Beneath my tree-hugging, nature-gal exterior, there must be an urbanite yearning to break free. That could explain the excited buzz I felt in Valparaiso, Chile, one of the South Pacific’s most important ports. I liked everything about the place: the setting, the walkability, the new discoveries around every corner, the street scenes, most of the people I saw. What made it so?
Color! It’s everywhere: walls, doors, telephone poles and trash cans, stair risers and retaining walls, not to mention the big sky and sea so often visible.
Much of it is in the form of graffiti: writing or drawings scribbled, scratched, or sprayed illicitly on a wall or other surface in a public place, says an online dictionary.
It is easy to think of graffiti as a kind of vandalism. There’s a lot of graffiti I just hate to see. That bubble script and things that look like letters but can’t be read (failed fonts, I call them) signal a potentially fatal failure to connect the rising generation to their history, or maybe their culture’s failure to engage all its members. So, it’s not necessarily a good thing.
But in Valparaiso, they are learning to adapt. Perhaps the citizens and city government were bowing to the inevitable, or maybe they just learned how to channel ordinary graffiti into Street Art. Valparaiso has taken what might be considered a flaw, and made it into a feature. More than a feature even: an attraction.
I don’t know how it has been arranged between the owners of the walls, the aspiring artists, and the sensibilities of the public – wouldn’t it make an interesting study? However they’re doing it, I would say that a good number of the images that are painted on the structures of Valparaiso are attractive and intriguing, or at least more amusing than the blank/neutral canvases they replaced. The open-air art museum that is Valparaiso is a good part of what make the city so appealing to me.
Mind you, Valparaiso* is not Disneyland. It does feel like there’s hard living a few streets further back (or up), poverty and politicization for sure, and some of the hard and ramshackle that comes with port cities.
The nice thing about my pocket camera is that it lives in my pocket and slides out easily, and gets used alot. Here are a few favorites. In the gallery at the bottom of the post are dozens more snapshots.
But first, about the city
With about 275,000 residents (and in the associated suburbs, a total of close to a million), the Valparaiso conurbation forms Chile’s second largest city and its main seaport, at about 33 degrees South, 71 degrees and a half West. (You can tell I’ve been reading Wikipedia again, and Britannica too). UNESCO has named it a World Heritage Site for its history, setting, and architecture.
First of all, the setting is grand, a big amphitheater of a bay whose hills are sprinkled with bright-colored houses, or weathered and peeling ones, wood, metal, concrete, brick, in a cacophony of 19th century housing styles and textures; 20th and 21st centuries too, of course.
There is an potent aura of history too. In the 1800s especially, when sailing vessels and steamships could get around Cape Horn, but needed a port to stop at afterward, Valparaiso was that place.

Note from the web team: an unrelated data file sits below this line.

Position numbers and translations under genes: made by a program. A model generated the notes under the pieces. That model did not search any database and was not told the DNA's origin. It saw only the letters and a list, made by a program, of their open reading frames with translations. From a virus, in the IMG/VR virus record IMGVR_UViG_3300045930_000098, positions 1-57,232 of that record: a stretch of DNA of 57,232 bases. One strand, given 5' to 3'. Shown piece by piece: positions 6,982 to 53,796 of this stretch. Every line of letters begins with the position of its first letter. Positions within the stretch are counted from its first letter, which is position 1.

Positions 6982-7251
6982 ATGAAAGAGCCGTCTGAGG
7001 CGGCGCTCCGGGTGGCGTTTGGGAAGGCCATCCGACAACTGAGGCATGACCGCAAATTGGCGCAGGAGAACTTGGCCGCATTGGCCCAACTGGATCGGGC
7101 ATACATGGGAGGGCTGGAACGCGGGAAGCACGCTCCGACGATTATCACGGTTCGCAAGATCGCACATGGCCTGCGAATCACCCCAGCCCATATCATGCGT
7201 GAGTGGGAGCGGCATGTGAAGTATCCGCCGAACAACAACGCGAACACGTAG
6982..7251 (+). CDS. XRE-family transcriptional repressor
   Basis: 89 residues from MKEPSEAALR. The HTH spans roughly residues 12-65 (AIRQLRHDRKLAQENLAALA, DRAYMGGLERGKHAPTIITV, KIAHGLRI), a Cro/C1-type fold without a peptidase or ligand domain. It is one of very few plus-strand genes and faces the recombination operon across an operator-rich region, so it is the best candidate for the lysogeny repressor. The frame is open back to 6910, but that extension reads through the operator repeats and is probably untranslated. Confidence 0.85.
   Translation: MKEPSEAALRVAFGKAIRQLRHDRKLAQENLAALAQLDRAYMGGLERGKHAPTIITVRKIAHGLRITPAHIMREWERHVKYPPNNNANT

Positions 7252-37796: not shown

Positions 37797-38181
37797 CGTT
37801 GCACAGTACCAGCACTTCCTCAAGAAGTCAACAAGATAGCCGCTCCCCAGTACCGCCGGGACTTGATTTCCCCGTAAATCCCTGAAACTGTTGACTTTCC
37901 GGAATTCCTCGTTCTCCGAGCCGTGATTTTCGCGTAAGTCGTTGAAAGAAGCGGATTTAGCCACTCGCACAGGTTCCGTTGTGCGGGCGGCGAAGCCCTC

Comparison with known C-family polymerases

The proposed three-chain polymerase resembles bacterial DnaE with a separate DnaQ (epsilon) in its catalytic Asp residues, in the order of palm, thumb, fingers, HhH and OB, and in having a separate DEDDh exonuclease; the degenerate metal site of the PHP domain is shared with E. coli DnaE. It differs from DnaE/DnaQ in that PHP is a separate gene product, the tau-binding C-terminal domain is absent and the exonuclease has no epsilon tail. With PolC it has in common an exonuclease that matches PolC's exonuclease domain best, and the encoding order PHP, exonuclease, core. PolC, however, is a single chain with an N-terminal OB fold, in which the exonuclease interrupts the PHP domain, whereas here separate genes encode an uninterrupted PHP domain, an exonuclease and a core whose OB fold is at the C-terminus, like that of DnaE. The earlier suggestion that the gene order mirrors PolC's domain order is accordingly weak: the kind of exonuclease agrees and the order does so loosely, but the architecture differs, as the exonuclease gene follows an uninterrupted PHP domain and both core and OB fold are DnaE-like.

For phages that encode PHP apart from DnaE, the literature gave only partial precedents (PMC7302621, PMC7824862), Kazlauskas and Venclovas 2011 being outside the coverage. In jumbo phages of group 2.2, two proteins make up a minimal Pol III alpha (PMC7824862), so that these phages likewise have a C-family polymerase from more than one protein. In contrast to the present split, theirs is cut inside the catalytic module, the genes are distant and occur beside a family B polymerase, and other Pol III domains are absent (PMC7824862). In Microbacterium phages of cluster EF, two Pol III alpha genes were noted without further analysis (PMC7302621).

English, Germans, Italians, French, seamen, sheep herders, whalers, California-bound gold miners, they came from all over, and often they stayed and built, multiplied, and sometimes prospered.
At first the town was built along the small coastal shelf, but as it grew it expanded, with landfill to seaward, and up the hill, aided by fifteen or twenty ascensors, a kind of elevator to make it easier to reach the ‘mezzanine’. These were each privately built and charged a toll. Some no longer operate, but most have now been taken over by the municipality, with an operative toll taker.
We were there in December, the southern hemisphere summer in fact and demeanor. (It’s easy to fall in love in the summer.) At latitude 33 South, and strongly affected by the ocean and the Humboldt current, it’s generally sunny and pleasant (not hot). Winters are said to be mild, maybe rainy, maybe foggy.
I need to mention other natural disasters as well. Chile is a very seismically active place; earthquakes and tsunamis have both affected Valparaiso. In fact there was a major quake in 1906, just like in San Francisco, California, to which the geography and climate, and maybe even the general vibe of Valpo, is has been compared.
Forest fires have also caused problems (are causing them right now in other parts of the country) which are exacerbated by the hilly terrain, the steep and convoluted cobblestone roads, and wind flow in the bowl. A big fire this year after Christmas, south of the port, destroyed hundreds of homes.
Panama Canal Takes A Toll
Valparaiso’s boom times were dealt a strong blow when the Panama canal opened in 1914. But they kept improving the port and today it exports growing quantities of wine, copper, and fresh fruit. It’s also a (relatively) popular cruise ship stop, and may also host beyond Panamax-sized ships.
With four universities (my dentist in Guaymas is a graduate of one) and offices of the Chilean Congress and several other government agencies, there is plenty of new blood coming into town. That would account for the clubs and bars and galleries and the general sense of life on the streets, even in my limited up-at-dawn, down-at-dusk time frame. The southern hemisphere summer allows plenty of dusk.
Photo Gallery of Street Art and Interesting Buildings
That’s more than enough of the dry bones of history. Here is a gallery of photos taken on various walks around town.
I’ve skipped a lot of captions and titles – sometimes it’s hard to chose a mere handful of descriptive words for some pretty fantastical paintings. Probably some duplicates too.